I was quite rambunctious as a child, and as a result each time I left the house without being accompanied by a parent my mother would intone, “Aoife, please behave. You only get one chance to make a first impression“. Having matured (somewhat) since those days I no longer need my mother to remind me to watch my p’s and q’s, however the truth of just how quickly humans formulate first impressions has been a source of continuing fascination to me.
When it comes to meeting new people we have just three brief seconds to make that all important first impression. Three seconds seems like an inordinately small amount of time from which to judge a person’s character, but it is more than enough time for the brain to recognise and process visual, auditory (and sometimes olfactory!) clues and link them to presumed character traits, thereby forming a notion of a particular person larger than the few clues the initial first impression gives.
Of course, meeting new people is not the only time we form impressions in this manner. We go through the same process when we are exposed to any new situation, from judging the professionalism of a business person by the presentation of their offices to determining the effectiveness of a new cleaning product by the colour of its brand. This is nothing new, we make millions of determinations every day and our ensuing behaviour is tailored to how we respond to these initial impressions.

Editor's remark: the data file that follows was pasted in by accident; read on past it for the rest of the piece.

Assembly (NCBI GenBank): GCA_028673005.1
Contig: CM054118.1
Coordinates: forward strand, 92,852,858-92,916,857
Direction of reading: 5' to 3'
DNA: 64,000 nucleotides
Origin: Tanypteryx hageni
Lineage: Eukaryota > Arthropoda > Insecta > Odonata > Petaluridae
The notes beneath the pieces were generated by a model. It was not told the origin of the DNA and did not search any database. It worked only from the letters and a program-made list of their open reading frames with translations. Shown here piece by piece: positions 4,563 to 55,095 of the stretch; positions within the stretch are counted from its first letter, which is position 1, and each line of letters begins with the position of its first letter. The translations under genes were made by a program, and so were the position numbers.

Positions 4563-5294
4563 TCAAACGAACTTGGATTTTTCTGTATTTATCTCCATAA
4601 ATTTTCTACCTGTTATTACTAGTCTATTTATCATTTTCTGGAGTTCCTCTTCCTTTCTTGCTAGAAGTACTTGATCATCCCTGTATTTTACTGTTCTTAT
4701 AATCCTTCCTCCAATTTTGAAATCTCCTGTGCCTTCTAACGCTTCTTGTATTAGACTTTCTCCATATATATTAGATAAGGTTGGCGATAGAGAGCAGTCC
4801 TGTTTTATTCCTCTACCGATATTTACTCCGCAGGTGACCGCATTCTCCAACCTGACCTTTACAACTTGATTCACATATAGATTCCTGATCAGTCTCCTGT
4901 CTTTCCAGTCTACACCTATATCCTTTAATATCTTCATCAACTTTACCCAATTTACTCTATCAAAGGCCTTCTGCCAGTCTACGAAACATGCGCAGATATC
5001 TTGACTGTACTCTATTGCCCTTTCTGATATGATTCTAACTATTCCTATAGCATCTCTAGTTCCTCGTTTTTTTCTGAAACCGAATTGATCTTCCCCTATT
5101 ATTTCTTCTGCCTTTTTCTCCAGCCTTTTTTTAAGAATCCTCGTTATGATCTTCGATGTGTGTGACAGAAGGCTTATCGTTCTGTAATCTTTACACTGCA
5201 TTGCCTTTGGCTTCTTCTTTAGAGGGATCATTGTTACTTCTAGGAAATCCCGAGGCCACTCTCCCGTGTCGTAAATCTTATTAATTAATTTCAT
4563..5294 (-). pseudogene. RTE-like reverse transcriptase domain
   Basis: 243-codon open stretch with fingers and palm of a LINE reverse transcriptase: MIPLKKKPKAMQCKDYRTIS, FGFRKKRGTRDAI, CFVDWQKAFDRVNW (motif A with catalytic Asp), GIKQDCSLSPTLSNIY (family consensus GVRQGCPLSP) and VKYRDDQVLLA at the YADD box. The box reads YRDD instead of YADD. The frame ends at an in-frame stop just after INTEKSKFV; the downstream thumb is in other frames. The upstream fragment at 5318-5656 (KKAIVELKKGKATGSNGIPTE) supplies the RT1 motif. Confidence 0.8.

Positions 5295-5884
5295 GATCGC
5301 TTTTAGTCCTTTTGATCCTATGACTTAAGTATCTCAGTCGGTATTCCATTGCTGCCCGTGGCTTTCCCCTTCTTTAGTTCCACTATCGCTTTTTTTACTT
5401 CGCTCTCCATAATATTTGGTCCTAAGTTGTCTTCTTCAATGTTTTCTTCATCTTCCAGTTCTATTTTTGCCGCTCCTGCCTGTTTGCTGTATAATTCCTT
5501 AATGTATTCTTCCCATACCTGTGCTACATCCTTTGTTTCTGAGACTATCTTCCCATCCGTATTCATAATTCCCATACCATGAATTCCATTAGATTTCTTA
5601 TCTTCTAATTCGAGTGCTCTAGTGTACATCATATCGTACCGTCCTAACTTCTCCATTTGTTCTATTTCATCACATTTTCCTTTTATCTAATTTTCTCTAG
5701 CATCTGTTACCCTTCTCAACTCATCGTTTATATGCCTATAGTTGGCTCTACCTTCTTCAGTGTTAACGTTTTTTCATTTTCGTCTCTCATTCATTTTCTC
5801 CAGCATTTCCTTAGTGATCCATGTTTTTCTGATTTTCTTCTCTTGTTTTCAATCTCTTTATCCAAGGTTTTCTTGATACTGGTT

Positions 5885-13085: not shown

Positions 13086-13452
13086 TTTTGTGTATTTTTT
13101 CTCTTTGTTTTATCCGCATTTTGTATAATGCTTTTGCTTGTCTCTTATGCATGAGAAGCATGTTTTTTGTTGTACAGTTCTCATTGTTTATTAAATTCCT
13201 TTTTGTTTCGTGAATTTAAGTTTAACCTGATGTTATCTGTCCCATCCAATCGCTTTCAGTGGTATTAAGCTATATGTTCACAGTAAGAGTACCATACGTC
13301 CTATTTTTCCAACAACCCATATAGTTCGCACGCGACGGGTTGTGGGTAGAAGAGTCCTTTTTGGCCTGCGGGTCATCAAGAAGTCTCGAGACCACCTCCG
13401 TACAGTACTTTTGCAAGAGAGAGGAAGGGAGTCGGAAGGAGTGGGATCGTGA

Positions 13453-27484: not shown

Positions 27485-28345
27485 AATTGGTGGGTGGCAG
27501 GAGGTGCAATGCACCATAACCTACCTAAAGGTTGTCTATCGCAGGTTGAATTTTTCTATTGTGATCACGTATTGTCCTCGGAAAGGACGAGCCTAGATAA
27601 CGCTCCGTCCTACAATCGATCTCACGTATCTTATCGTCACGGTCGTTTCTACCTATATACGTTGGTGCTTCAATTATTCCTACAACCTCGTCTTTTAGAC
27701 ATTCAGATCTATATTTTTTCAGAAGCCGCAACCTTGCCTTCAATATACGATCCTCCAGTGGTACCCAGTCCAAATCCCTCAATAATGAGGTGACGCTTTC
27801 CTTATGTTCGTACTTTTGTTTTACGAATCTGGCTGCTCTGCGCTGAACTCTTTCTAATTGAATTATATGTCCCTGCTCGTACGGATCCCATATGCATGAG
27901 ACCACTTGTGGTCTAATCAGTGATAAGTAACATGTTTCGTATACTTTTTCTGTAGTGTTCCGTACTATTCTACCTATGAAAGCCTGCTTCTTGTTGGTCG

I raise this point not because it is anything ground breaking or new, but because it astounds me how well known this fact is yet how many businesses neglect to tend to the most important, judgement defining moments they will ever have with their consumers; the point of first contact.
The very real effects of this neglect on the consumer was really ‘driven home’ to me a few weeks ago when I was scouring the internet for boutique accommodation providers in the south west for the lead up to my sister’s wedding. Now, being a resident of the area I know the south west is teeming with gorgeous little exclusive retreats which would fit the bill nicely for my sister and friends to stay for a few days while she prepared for her wedding. I knew a lot of these places by name so finding their websites was not an issue, the issue came when upon loading these sites my eyes were assaulted (yes, assaulted!) by a mish mash of poor quality static photography, alternating fonts, fonts in different colours, fonts in different sizes (!!), general bad layout, poor usability… do I need to go on?
I really couldn’t believe that most of the more upmarket accommodation providers in the region felt it was acceptable to promote themselves with websites which not only do not reflect the quality and luxuriousness of their accommodation, but actively erode the exclusive and high end position they have spent years (and a lot of money) carefully building. Recent studies in consumer research measuring c onsumers first impressions of websites found that the visual appeal of websites highly influence the consumers impressions of perceived credibility and usability while increasingly affecting the consumers purchase decision. And, according to this study, how long do you think it takes the consumer to form these judgements? Just 1/20th of a second.
So what am I saying in this long and convoluted blog post? Don’t allow poor web design undermine the position you have built for your business. Do it properly and get it right the first time. After all, you don’t get a second chance to make a first impression.